My team at Microsoft has a guiding principle as the foundation of everything we do: Today’s students are tomorrow’s developers.
As the head of cloud growth and ecosystems at Microsoft, working with students is one of the most fulfilling parts of my job because it gives me a lens into the future through the next generation of innovators. That’s why I’m excited to announce the launch of the 2018 Imagine Cup. Now in its 16th year, this global technology competition aims to give young developers the opportunity to acquire new and critical technical, business and team-building skills — all while having fun along the way.
Every great idea needs a few vital components to succeed: A driven team, a platform for its message and funding. With Imagine Cup, students bring the purpose, and Microsoft helps with the platform — and, for a handful of standouts, funding to take the idea to the next level. This year the prize value of cash, travel and Azure credits totals more than $700,000. We’ve also added three special awards that represent the current state of digital transformation: Artificial Intelligence, Big Data and Mixed Reality. Plus, the winning team will receive mentorship time with Microsoft’s CEO, Satya Nadella, to ask questions, seek advice and learn from a Fortune 100 CEO.
I’m just wrapping up my first year at Microsoft, and this summer was my initial opportunity to see the magic that happens when the great ideas of tomorrow’s leaders are fostered in a big, bold way.
At this year’s World Finals, dozens of teams from 39 countries presented their ideas about how to change the world using code, running the gamut from solutions that locate products in large warehouses to drones that can be dispatched to help in natural disasters. Ultimately, Team X.GLU of the Czech Republic took home the top prize. Their innovation is a glucose meter for children with Type 1 diabetes paired with a Microsoft Azure cloud solution in the form of an app that rewards behaviors that keep diabetes in check, managed through motivational in-app games.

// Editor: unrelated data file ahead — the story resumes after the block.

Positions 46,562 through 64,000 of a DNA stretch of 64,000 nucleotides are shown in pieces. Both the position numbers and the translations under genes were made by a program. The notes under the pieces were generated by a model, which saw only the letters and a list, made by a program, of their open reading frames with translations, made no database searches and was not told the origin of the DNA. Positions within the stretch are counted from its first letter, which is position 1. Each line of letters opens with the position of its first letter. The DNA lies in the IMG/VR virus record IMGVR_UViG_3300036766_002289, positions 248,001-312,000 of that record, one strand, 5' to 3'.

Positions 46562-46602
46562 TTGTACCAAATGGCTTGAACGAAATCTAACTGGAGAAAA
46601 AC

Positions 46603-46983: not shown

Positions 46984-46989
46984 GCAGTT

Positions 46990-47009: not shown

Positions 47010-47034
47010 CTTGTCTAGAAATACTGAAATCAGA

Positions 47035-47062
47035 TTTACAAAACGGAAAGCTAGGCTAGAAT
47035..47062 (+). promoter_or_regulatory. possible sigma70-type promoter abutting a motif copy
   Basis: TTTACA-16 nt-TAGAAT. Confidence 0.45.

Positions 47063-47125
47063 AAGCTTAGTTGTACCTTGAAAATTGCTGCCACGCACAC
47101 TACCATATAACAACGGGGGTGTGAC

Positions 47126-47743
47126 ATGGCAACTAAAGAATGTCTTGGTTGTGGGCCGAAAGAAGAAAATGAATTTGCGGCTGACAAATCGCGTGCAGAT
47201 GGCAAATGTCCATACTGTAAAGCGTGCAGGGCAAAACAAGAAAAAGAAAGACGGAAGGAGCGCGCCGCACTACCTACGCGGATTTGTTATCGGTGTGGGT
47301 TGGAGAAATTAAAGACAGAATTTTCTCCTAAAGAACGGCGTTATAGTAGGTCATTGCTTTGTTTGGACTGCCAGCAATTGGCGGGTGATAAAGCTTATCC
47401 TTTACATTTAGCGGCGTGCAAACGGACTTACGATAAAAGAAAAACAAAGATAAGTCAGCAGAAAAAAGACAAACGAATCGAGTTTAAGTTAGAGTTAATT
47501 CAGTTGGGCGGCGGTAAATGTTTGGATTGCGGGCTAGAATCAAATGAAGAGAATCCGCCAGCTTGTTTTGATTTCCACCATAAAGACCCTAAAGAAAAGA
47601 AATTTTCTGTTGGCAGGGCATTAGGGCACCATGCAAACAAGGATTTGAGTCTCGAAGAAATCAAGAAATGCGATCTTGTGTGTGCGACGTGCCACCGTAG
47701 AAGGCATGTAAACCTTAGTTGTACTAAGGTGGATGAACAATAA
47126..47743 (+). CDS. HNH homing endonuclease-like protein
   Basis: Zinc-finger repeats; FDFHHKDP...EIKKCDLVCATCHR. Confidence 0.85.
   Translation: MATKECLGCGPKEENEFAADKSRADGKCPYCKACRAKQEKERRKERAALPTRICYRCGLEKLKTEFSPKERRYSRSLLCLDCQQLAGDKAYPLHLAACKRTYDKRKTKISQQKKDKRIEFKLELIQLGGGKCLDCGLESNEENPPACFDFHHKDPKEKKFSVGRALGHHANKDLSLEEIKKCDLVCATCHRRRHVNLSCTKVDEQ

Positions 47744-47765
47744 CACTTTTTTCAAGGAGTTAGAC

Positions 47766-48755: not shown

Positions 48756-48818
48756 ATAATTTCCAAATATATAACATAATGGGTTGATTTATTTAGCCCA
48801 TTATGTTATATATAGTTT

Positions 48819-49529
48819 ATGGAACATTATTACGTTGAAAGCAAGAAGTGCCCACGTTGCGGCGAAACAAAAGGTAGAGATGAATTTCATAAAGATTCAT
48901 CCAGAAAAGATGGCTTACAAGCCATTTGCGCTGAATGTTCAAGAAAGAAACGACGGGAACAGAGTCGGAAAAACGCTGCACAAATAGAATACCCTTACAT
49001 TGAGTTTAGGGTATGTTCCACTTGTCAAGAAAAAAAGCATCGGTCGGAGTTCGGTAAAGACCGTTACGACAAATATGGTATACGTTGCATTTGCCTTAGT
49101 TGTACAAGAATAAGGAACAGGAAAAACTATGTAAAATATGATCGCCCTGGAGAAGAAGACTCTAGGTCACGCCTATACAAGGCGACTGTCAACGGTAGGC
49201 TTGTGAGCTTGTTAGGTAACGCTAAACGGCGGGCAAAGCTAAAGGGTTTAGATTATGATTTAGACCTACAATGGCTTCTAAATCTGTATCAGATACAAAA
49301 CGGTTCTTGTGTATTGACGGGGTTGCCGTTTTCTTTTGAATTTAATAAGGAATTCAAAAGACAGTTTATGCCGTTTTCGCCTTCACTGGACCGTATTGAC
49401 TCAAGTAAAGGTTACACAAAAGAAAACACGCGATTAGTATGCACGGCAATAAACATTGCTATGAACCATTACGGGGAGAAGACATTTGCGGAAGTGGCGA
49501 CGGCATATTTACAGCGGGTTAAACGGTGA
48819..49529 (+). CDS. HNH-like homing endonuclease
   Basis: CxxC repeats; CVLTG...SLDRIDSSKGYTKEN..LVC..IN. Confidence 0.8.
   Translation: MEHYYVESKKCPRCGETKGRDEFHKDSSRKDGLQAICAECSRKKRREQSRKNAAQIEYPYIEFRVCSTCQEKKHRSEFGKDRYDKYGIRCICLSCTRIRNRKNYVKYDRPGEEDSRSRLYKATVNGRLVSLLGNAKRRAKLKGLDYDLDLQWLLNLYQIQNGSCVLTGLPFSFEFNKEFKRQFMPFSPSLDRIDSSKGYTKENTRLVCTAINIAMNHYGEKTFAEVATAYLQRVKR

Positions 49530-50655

Team AMANDA, a 2016 finalist from Greece, is lighting up the conference circuit with their solution for bullying detection and intervention. They participated in WE DAY Toronto along with Judson Althoff, the leader of our commercial business, with the purpose of spreading technology solutions against bullying worldwide and providing inspiration to more than 23,000 teenagers. The team has also been active in the International Conference of Anti-Bullying Practices and spoke at TEDxUniversityofPiraeus 2017, where they engaged more than 3,000 users with the AMANDA app.
In 2015, Team World Opaque Media was highlighted for their Virtual Dementia Experience, a high-tech way to help caregivers better understand and gain an immersive experience of people living with dementia. The Australian team is now bringing their technology to a completely new frontier: outer space. Two members of the team, Norman Wang and Liam McGuire, developed a game called “Earthlight” that combines Microsoft’s Kinect technology and a virtual reality headset to allow users to experience the feeling of being an astronaut on a spacewalk outside the International Space Station. The project caught NASA’s attention, and eventually evolved into a collaboration to create realistic simulations for astronaut training.
While Imagine Cup is both fun and intellectually challenging, we think it prepares students to face situations in the business world that will make their ideas come to light.
Registration is now open for Imagine Cup, and I can’t wait to see what great ideas today’s students are developing. Good luck to all the competitors, and I hope to see you at Microsoft headquarters for the 2018 World Championship!
P.S. You can follow me on Twitter for Imagine Cup updates, as well as other news of note in the cloud and ecosystem space.